3) Would it help performance if test studio logged each iteration in the result file instead of all at once at the end of the primary test's iteration (but not a data driven sub test)? It seems strange that if I had 20 spreadsheets and 20 tests with 1 row of data that Test Studio could better handle it than 1 Test, 1 Spreadsheet and 20 rows of data. Isn't the end result the same? I think this is a feature request.
4) As per my original question, what are some tips to increasing the amount of iterations I could do in one go? Remove comments? Turn off logging? Move the test into its own project file so it copies less files over?
And FYI, today I ran 12 batches of 40 on 2 machines while working on adding new regression tests on another machine. Our sales people are very happy.
Does having comment steps effect performance due to logging?
Not significantly enough to worry about. Yes it takes time to process each comment in the test, but that's only 10-50 milliseconds (depending on the speed of the computer). I'd be more concerned about test result size, which equates to memory use than performance.
...with a number of conditional statements that are aimed at deciding which box to click or move from the spreadsheet.
This is precisely the type of test structure we recommend avoiding. We believe it would be better to create separate tests for the different types of boxes you are creating e.g. a test for item type A, a test item type B, a test item type C, and so on. This approach dramatically simplifies the test structure (because it virtually eliminates all conditional statements) and the complexity of the data required to feed it.
Now maybe I'm am incorrectly guessing what your application does but I hope you get my point just the same... do everything you can to avoid conditional statements as much as possible. We run into a lot of cases where each conditional path is actually a different test case that should be tested by a separate test, not in one (overly) complex test.
it also significantly reduces the size of your result sets. By simplifying what each test does you only get the results in your result sets that apply e.g. item type by item type, instead of one large result set for all possible item types.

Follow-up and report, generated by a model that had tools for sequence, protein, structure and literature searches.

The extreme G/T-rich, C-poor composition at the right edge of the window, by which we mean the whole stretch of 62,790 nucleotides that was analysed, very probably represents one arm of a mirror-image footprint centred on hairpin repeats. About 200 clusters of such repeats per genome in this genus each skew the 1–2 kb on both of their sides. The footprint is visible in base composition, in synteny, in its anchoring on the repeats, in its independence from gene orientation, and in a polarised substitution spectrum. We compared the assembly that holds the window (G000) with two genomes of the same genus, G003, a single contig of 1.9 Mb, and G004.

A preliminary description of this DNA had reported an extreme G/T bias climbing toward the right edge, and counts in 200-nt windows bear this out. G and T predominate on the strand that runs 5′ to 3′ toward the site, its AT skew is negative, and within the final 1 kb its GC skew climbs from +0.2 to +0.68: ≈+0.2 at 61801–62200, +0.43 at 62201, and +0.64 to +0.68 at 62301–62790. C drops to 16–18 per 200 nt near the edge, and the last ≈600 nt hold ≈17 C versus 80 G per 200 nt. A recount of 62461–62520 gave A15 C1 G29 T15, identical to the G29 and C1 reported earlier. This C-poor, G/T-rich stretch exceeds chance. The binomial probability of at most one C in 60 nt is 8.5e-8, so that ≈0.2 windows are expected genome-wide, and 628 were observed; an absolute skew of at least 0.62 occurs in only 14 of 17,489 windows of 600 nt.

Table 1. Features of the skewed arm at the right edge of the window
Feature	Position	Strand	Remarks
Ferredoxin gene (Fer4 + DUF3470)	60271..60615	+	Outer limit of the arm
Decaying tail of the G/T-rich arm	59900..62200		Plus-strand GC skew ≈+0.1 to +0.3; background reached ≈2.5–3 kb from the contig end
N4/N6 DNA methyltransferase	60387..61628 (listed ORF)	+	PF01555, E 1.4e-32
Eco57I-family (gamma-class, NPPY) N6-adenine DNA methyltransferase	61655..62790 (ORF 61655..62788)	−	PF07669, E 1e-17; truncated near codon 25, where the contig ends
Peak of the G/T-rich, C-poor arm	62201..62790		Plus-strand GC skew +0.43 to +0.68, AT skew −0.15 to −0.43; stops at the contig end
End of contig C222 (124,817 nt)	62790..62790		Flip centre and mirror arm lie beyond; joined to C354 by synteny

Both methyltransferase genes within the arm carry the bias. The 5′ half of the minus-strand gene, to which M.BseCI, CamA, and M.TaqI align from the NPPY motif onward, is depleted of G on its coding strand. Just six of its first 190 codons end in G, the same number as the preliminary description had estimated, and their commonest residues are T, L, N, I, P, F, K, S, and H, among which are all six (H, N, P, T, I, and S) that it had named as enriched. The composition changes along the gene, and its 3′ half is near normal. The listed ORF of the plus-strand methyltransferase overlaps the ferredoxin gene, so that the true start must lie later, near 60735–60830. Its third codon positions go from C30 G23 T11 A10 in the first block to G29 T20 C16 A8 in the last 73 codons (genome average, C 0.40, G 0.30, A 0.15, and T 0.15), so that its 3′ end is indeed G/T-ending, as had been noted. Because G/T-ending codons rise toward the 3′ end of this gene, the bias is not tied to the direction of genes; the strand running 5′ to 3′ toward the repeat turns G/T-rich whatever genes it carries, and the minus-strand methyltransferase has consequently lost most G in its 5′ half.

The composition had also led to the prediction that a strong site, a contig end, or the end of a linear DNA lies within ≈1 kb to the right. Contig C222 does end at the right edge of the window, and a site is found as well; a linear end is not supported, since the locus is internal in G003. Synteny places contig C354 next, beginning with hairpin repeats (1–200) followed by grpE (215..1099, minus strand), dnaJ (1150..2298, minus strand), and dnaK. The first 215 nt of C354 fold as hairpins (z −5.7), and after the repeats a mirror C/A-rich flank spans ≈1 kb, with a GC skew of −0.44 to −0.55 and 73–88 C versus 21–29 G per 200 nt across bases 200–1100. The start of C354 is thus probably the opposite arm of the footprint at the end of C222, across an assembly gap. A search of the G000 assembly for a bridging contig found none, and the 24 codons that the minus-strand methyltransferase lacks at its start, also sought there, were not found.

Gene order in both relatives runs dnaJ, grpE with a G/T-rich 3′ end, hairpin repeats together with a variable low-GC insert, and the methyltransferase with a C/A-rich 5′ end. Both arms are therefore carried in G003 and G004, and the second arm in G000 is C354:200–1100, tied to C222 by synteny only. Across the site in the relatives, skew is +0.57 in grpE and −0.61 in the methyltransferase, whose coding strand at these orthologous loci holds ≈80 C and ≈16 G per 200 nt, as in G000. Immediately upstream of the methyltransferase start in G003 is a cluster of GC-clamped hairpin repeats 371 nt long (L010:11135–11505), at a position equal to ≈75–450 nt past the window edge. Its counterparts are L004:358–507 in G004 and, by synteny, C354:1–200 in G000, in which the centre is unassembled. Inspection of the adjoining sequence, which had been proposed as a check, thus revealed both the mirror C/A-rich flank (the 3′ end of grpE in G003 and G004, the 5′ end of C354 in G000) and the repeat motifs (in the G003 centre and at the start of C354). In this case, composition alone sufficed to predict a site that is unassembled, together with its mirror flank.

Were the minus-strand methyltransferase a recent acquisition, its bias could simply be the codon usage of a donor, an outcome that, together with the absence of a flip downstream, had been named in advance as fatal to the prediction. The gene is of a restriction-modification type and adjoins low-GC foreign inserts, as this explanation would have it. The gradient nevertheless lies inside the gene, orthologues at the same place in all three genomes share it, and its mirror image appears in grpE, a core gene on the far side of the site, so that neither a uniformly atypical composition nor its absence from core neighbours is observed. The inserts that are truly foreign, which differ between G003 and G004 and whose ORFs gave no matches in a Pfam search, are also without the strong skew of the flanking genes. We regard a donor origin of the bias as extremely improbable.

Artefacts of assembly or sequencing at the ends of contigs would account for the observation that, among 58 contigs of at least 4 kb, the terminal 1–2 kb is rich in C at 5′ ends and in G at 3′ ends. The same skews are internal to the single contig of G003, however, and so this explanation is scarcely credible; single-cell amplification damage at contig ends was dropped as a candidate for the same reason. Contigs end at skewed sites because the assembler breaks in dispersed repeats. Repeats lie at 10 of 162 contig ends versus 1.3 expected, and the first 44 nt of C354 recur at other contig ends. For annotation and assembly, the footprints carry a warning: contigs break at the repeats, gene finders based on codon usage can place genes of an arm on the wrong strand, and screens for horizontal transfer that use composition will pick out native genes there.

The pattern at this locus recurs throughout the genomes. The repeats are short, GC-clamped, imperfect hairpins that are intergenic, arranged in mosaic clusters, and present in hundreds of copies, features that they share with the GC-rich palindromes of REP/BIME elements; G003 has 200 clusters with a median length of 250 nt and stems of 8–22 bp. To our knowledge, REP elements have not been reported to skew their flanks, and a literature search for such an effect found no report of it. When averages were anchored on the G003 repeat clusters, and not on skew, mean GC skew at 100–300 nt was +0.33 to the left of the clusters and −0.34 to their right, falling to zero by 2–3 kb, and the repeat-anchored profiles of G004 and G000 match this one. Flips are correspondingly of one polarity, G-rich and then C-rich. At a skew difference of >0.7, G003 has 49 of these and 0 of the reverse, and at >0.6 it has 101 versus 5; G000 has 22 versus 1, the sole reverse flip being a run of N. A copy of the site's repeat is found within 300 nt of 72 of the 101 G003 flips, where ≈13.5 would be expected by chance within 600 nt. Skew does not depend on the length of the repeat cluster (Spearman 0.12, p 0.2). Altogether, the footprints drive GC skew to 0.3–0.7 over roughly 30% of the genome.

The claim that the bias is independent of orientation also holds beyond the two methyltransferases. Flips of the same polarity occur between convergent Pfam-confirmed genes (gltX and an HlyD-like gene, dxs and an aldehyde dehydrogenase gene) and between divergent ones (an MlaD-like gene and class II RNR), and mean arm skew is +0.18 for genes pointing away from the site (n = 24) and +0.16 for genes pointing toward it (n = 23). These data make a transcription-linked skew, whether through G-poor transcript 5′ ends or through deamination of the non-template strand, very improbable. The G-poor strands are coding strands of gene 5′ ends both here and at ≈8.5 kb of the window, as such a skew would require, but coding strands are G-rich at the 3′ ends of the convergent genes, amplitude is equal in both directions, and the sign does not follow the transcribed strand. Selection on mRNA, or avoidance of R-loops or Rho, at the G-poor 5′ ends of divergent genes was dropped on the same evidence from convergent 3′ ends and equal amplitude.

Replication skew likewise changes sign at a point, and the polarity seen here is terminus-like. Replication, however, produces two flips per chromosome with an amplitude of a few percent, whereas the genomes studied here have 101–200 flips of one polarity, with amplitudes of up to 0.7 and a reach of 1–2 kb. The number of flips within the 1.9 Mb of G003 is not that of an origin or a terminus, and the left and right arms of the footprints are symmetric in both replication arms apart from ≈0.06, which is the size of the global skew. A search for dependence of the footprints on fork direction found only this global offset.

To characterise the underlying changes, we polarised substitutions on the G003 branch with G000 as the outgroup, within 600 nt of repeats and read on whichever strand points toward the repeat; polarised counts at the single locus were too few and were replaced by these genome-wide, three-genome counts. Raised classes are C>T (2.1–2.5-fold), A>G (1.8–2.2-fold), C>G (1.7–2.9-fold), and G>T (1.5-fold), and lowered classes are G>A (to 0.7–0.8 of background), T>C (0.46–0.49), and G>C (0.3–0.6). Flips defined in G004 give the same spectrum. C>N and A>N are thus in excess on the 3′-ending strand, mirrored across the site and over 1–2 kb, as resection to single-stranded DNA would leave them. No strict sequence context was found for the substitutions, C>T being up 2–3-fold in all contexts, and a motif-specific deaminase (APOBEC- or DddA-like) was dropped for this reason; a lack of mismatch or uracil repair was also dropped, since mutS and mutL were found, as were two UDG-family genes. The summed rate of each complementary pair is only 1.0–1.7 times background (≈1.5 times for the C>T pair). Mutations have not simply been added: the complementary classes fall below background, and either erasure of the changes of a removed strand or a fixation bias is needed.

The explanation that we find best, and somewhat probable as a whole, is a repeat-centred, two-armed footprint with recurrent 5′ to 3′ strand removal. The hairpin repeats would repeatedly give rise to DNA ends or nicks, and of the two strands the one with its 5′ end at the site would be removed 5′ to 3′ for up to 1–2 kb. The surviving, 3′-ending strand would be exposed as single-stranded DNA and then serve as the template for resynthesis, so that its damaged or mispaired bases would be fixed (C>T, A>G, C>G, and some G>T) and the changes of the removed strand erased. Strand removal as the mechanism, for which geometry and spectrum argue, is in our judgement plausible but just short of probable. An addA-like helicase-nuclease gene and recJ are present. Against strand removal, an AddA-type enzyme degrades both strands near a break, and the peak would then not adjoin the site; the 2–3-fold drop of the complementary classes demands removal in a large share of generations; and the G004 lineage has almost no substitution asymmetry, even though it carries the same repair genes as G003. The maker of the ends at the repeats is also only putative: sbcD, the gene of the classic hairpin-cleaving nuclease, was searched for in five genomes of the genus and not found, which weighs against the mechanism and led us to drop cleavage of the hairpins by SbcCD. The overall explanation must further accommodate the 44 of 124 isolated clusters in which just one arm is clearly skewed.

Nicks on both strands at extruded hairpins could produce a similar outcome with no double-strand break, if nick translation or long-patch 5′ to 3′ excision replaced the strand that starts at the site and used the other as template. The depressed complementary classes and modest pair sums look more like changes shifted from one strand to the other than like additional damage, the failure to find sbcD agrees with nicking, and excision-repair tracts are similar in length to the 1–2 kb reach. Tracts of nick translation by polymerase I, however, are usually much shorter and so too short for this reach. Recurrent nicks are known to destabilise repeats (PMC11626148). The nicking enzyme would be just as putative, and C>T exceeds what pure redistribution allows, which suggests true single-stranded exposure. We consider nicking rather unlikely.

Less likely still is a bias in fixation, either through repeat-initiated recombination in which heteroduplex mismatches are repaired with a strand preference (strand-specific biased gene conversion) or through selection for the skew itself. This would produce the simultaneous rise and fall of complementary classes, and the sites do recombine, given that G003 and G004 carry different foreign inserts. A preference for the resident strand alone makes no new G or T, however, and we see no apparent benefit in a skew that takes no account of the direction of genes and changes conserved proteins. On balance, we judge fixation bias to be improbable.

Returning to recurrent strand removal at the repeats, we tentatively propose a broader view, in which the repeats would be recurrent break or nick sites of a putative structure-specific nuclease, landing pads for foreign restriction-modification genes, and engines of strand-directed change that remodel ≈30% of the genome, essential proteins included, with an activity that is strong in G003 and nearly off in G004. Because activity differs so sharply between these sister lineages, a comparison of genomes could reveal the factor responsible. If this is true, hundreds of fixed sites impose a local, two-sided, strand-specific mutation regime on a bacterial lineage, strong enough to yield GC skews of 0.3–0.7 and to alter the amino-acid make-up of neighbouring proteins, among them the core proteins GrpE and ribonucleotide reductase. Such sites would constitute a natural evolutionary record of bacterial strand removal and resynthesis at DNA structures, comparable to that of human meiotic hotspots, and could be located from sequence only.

Now let me answer your more direct questions:
1) No, 150 is approximate and based on experience. There are many variables (too many to give an exact number) that go into what the actual breaking point is... the structure of the test, the number of comments, the resources of the machine, the version of Windows being used, etc.
2) I'm not totally sure what you mean by "test lists within test lists" because Test Studio does not have direct support for this. Yes we support our version of test lists... and we also support using Test-as-step. Is this what you mean i.e. using these two combined?
"Because of test studio's limit of 17 tests" Um, let me ask where do you get this limit from? It's no where in our documentation. It's very common to have 200-300 separate tests in a Test Studio test list. Many of our customers have large test lists like this. Granted that's a lot of tests go walk through and see which passed and which failed... but we do give you overviews of how many passed and failed.
if I split it up, I'd either need to have the SETUP phase run 4 times instead of just 1 time or if testing an individual piece, would need to run the setup on its own to debug each phase after a test list had run.
Yes that is true. It is something we testers have to get used to. If you have to run a SETUP phase for each test to succeed, it's something we have to live with and plan for it. Often times this means we need more hardware so we can start running our test lists in parallel in order to run all of our automated tests in a reasonable amount of time.
3) We already have a feature close to this, though it's only available when running from the command line. It's the command line option "persistOnEachStep".
No turning on this feature actually hurts performance slightly because it's having to write to disk after every step in addition to keeping the results in memory. We still have to keep all the results in memory because after the test is completed we will create a .aiiresult file which is an XML formatted file generated from the in-memory Results object.
4) Minimize the number of steps and conditional logic in each test as much as possible, such as removing comments. 35 steps x n iterations is better than 45 steps of n iterations. That's the only way to maximize the number of iterations. It all comes down to making your test results as small as possible. The smaller you can make per iteration, the more iterations you'll be able to execute without running into problems.